This talk reflects on the Out of the Desert
). Out of the Desert
interprets World War II Japanese American internment history for a broad public audience (http://outofthedesert.yale.edu
). Supported by a US National Park Service Japanese American Confinements Sites grant, the Out of the Desert
digital project is an outgrowth of a multi-year, collaborative effort to present this history to a public audience. What are the stakes and challenges to interpreting histories of incarceration via digital methods? What are some of the ethical and methodological challenges of recovering these histories? What are the possibilities and potential perils for curation, digital archives, and public memory as they intersect with Asian American Studies?
is an interdisciplinary scholar of twentieth-century US intellectual and cultural history, Asian American Studies, and critical race and gender studies. She holds a Ph.D. in American Studies from Yale University and is currently a Global American Studies postdoctoral fellow at the Charles Warren Center for American History at Harvard University. Her book manuscript, Crossroads of the Pacific: Pan-Asianism, Anticolonialism, and Internationalism, 1917-1939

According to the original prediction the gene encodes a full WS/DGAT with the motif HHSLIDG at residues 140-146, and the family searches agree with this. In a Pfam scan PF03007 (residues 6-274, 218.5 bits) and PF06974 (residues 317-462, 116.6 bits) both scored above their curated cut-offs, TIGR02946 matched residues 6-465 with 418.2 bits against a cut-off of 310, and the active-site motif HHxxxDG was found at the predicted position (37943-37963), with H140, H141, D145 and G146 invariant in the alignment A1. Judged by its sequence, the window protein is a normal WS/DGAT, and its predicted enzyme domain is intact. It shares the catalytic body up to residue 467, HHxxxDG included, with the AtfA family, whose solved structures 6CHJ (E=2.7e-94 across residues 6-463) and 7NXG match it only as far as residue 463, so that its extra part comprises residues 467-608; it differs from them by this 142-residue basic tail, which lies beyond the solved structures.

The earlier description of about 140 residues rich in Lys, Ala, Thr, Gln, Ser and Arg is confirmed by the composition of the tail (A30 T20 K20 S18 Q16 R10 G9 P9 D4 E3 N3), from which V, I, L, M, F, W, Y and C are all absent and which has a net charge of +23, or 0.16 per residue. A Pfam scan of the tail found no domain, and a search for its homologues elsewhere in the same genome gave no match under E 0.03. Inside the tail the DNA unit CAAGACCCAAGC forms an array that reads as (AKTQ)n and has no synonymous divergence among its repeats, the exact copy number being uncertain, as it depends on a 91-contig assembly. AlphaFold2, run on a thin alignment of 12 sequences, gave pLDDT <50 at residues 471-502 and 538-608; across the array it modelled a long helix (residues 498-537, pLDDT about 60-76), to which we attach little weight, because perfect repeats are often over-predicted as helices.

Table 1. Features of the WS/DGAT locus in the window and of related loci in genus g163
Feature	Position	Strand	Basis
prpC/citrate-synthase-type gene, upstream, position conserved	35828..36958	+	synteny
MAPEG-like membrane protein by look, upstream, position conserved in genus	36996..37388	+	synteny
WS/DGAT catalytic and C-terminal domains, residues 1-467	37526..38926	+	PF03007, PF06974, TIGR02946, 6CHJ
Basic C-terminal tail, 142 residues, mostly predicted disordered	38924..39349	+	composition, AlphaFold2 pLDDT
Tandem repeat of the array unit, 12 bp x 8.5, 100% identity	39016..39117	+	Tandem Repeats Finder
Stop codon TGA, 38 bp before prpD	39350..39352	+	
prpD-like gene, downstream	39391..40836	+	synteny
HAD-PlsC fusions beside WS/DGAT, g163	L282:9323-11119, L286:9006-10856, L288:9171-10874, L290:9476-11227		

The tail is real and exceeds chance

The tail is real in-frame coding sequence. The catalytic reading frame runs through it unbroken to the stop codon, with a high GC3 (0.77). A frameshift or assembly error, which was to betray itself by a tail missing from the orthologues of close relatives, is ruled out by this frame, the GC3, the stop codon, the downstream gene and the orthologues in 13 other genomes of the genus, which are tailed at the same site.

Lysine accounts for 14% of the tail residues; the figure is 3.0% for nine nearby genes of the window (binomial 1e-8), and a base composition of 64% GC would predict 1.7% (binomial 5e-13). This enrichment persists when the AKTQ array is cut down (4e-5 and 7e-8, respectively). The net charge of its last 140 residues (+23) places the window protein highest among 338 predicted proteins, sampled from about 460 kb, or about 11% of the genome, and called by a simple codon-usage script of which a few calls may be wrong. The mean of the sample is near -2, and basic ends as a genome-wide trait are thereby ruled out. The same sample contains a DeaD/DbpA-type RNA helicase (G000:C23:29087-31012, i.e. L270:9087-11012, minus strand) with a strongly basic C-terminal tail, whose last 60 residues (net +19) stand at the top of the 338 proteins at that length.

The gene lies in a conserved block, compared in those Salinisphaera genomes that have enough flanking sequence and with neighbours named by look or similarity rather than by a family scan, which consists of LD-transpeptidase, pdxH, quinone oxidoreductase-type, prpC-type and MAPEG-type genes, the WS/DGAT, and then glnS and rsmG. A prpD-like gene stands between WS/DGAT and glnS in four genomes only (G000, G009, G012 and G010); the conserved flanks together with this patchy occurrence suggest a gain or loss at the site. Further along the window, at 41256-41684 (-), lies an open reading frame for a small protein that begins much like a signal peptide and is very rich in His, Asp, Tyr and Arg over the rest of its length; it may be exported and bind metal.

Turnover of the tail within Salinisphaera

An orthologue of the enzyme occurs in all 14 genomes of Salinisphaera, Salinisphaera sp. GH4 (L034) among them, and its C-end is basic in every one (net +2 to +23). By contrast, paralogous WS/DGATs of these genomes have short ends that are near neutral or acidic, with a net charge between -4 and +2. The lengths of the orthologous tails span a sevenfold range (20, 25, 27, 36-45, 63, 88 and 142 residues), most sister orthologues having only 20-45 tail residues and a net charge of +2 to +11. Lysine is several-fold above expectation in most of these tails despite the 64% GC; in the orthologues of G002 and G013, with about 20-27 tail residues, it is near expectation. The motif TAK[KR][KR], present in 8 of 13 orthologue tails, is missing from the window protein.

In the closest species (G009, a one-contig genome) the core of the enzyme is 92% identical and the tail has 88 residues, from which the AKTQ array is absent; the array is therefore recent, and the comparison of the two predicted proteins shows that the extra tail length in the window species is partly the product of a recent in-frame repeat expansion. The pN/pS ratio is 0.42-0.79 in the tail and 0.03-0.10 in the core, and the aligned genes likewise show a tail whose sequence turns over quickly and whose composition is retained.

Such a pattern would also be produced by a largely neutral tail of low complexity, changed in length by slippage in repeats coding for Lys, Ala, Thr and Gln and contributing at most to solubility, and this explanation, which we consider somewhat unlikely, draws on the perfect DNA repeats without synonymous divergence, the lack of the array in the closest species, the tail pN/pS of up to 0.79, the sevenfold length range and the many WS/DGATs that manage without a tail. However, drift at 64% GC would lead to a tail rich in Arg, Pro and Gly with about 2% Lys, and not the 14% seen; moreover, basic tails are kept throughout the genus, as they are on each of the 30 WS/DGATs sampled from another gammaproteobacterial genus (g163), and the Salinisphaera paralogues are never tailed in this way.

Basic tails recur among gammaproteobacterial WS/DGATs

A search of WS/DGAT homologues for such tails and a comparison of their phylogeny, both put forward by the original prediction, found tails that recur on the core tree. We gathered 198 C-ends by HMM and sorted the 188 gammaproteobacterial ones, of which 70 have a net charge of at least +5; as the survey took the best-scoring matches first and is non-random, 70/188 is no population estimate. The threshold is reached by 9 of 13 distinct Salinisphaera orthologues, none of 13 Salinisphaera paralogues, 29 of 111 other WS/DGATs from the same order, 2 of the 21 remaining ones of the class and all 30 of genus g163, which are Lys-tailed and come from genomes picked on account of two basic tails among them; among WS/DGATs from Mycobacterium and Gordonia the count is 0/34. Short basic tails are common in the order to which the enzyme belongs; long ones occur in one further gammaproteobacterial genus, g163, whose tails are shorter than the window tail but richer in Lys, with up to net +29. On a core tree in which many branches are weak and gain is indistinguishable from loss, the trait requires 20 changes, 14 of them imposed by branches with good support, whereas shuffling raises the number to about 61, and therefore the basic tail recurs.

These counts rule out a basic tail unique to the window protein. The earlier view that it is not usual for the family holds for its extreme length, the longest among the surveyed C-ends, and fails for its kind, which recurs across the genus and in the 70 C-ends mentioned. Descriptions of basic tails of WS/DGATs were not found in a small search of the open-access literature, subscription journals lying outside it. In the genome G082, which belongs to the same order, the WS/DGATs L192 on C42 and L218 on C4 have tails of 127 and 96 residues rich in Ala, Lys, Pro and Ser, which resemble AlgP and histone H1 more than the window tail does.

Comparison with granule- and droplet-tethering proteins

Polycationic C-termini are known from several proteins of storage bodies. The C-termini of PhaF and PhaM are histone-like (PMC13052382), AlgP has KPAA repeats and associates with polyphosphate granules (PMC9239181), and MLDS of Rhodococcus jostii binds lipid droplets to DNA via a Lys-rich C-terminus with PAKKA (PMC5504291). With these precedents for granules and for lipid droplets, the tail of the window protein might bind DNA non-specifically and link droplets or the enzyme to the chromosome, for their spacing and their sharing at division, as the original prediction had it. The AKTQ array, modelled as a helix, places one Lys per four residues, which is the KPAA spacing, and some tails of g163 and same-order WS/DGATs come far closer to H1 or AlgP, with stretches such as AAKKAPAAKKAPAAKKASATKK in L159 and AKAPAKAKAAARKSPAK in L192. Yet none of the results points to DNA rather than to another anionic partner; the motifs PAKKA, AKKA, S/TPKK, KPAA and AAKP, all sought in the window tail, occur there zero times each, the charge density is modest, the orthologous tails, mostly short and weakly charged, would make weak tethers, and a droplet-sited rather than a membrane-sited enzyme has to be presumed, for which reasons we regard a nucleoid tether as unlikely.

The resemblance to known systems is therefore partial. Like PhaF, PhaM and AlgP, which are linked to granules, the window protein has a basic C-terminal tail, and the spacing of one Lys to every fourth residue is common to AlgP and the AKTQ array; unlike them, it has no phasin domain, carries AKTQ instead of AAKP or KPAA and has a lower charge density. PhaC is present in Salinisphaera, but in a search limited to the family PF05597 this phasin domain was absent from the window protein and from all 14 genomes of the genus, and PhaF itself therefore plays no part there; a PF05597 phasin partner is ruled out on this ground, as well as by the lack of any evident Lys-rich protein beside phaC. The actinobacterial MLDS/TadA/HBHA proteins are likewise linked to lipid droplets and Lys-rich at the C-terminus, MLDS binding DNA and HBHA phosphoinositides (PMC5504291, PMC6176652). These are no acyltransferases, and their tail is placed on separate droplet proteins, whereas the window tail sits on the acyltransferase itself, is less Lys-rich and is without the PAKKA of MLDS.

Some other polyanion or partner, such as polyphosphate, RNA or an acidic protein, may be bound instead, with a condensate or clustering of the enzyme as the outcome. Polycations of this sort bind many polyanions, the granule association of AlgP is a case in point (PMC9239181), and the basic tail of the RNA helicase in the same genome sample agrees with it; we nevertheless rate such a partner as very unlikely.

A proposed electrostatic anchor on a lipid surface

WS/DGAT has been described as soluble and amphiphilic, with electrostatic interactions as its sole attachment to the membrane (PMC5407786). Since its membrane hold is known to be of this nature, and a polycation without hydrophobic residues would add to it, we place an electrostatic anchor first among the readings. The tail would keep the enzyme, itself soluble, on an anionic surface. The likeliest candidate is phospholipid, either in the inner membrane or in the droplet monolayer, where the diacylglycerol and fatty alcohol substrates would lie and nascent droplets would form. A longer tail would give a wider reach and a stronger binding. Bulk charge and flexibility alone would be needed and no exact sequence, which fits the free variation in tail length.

, traces how intellectuals in the United States and Asia articulated radical and liberal visions for the “Asia Pacific” between the two world wars. Courtney currently serves as the Co-Principal Investigator and Project Director for the Out of the Desert initiative at Yale University. Supported by a US National Park Service Japanese American Confinements Sites grant, the Out of the Desert digital project interprets World War II Japanese American incarceration history for a broad public audience (http://outofthedesert.yale.edu